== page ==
Tampa Bay Lightning fans will have to wait just a little bit longer to see Gabriel Fortier in professional hockey full-time. Fortier had a four game stint with the Syracuse Crunch back in the spring of 2019 and was expected to turn pro this season, but the pandemic has thrown a wrench in his plans.
For now, the 20-year old has returned to the QMJHL for a fifth and final season, despite having signed a contract with the Lightning. Whether or not Fortier will head off to the AHL once that season begins remains to be seen, but he’s kicked off his final junior campaign with six goals and eight points in 13 games.
Fortier jumped two spots from last year’s rankings. Both the writers and readers had Fortier ranked 12th overall, but once the numbers were properly crunched, he finished at 13. However, there was a pretty large variation between how readers had Fortier ranked compared to the masthead.
Leadership is one of Fortier’s standout qualities as a hockey player. He earned the rare honor of captaining two separate CHL teams when he was awarded the C for the Moncton Wildcats this season. Fortier previously captained the Baie-Comeau Drakkar before he was dealt to Moncton last season, and wore an ‘A’ for the Drakkar both the 2017-18 and 2018-19 seasons.
With the QMJHL suspending play until the new year, it looks like Fortier is once again stuck in limbo like the majority of players in his position. However, he’s made very promising strides in his development over the last season, which could make his transition to the AHL a lot easier when he finally does make the jump.
Fortier averaged about 22 and a half minutes of ice time per game with both the Drakkar and Wildcats last season. Of those minutes, he spent about 2:10 playing shorthanded and 3:26 on the power play. He saw a jump in time spent on the man-advantage between last season and the season before that, likely a result of being bumped up to the first power play units.
As far as creating offense went, Fortier was usually found stapled to the goal crease, providing his teams a net front screen and often banging in loose pucks or rebounds past netminders. Fortier averaged 2.5 primary points per 60 minutes, and 57.28% of his team’s even-strength goals scored were with him on the ice.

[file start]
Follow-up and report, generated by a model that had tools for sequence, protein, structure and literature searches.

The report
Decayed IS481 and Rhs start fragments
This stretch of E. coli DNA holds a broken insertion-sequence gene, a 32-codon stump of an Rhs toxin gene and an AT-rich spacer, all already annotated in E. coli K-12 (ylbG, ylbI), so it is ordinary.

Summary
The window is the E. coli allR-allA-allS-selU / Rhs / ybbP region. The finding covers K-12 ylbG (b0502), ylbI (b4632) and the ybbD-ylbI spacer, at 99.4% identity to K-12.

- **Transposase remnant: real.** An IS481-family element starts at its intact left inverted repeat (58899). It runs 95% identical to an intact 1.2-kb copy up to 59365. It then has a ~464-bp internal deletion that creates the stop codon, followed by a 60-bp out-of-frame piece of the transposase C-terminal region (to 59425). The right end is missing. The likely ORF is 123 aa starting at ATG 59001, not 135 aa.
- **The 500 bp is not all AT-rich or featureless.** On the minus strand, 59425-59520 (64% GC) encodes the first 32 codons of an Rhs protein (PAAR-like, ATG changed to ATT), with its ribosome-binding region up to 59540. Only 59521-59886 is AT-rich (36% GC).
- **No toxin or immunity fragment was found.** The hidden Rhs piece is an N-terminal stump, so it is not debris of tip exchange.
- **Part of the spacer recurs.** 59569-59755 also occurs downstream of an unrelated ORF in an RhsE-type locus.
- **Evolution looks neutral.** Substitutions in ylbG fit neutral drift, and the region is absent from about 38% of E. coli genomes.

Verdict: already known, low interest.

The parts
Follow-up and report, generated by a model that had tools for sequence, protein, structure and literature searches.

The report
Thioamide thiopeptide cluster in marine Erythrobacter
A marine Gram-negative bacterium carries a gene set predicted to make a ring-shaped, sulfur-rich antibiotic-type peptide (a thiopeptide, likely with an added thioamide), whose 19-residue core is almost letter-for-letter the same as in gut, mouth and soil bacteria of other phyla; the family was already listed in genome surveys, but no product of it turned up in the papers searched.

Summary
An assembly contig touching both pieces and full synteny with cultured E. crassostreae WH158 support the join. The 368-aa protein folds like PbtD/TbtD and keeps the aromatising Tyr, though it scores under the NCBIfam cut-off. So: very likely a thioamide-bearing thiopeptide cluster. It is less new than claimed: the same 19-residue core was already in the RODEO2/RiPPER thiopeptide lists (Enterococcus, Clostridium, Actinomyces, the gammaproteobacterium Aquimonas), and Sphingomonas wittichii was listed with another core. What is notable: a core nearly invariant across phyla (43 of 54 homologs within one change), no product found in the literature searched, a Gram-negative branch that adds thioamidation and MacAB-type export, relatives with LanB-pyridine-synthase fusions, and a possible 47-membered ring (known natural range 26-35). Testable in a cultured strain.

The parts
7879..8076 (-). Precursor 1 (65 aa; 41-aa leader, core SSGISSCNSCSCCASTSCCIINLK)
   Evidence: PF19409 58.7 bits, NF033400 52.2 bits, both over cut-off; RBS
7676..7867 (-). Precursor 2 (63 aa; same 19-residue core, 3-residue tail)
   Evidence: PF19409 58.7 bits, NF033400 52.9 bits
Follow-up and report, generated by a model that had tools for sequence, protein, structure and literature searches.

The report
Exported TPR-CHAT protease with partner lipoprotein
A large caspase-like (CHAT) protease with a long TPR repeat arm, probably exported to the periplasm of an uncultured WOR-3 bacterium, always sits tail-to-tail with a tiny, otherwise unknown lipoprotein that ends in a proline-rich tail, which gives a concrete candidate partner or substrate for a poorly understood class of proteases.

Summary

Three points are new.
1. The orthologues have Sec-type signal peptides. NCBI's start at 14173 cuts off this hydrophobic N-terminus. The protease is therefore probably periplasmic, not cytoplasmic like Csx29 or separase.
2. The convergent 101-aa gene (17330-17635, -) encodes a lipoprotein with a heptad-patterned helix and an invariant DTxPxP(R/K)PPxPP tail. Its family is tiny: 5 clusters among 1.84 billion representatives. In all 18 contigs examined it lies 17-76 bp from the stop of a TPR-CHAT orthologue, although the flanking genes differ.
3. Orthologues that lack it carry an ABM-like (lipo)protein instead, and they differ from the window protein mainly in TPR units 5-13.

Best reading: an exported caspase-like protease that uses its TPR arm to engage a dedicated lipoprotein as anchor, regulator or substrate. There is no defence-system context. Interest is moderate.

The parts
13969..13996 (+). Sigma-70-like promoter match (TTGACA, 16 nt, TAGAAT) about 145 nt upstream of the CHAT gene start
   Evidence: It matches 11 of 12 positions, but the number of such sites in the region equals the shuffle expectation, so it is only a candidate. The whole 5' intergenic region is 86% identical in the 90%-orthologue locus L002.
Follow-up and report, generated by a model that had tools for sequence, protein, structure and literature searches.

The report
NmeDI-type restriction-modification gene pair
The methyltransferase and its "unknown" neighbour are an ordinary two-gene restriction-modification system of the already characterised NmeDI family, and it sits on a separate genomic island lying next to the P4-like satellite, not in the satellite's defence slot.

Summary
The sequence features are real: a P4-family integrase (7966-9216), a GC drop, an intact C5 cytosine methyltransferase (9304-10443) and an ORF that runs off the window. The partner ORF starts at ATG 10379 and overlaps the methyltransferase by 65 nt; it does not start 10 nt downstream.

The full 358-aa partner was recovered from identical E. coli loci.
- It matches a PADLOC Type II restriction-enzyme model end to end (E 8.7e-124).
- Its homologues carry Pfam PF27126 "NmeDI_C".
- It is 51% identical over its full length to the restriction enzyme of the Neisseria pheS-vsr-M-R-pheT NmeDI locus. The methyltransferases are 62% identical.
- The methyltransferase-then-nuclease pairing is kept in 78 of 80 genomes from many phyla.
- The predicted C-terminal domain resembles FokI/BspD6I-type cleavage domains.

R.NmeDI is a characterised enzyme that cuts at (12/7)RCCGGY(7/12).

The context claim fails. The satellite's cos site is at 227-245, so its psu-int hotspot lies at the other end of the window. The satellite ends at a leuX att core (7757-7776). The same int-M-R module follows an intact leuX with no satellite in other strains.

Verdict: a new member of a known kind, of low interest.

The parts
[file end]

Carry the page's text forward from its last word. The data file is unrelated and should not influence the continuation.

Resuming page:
Fortier improved on both puck battles and faceoffs in the last season. In 2018-19, he was winning approximately 50% of puck battles he engaged in. Last year, he upped that to 53%. Meanwhile, in the faceoff dot, Fortier’s efficiency improved drastically, from 47% in 2018-19 to 55% in 2019-20.
As far as actually generating offense, Fortier likes and prefers to crash the crease to score. He has a quick release on his wrist shot, but it isn’t particularly deceptive or heavy, and isn’t likely to fool many goaltenders. Fortier uses his speed to dash in alone or slip past defenders, but his shots towards the goal are one-dimensional and not particularly dangerous.
Passing will be Fortier’s biggest area for improvement as he heads off to professional hockey. A lot of his assists last season were the result of him being in front of the net battling for pucks, or digging pucks out of corners. When Fortier has the opportunity, he is able to one-time pucks fairly accurately and effectively, but he’s not always in those areas of the ice to be able to pull those passes off. Fortier will need to defer to his teammates more often, especially as he heads off to Syracuse. Individual efforts are more difficult to pull off in the AHL than they are in the Q.
But Fortier’s bread and butter, his strongest asset, is his defensive game. An excellent shorthanded player, Fortier uses both good puck control and an effective stick to break up passes and skate the puck out of harms way before dumping it down the ice.
Fortier’s speed makes him an effective puck rusher and penalty killer. He’ll take many quick, small steps to generate speed instead of using a long, powerful stride, which makes his acceleration choppy, but effective. Whether or not that translates well to the AHL remains to be seen, but there’s no denying that Fortier can fly down the ice.
It’s great that Fortier has been able to put up solid numbers in major junior, but we will probably see those numbers take a dip when finally gets to the AHL. Which means his defensive prowess will be what sets him apart from other players his age — and what will likely get him to the NHL.
Statistics and information from Elite Prospects, Pick224.com, and InStat Hockey.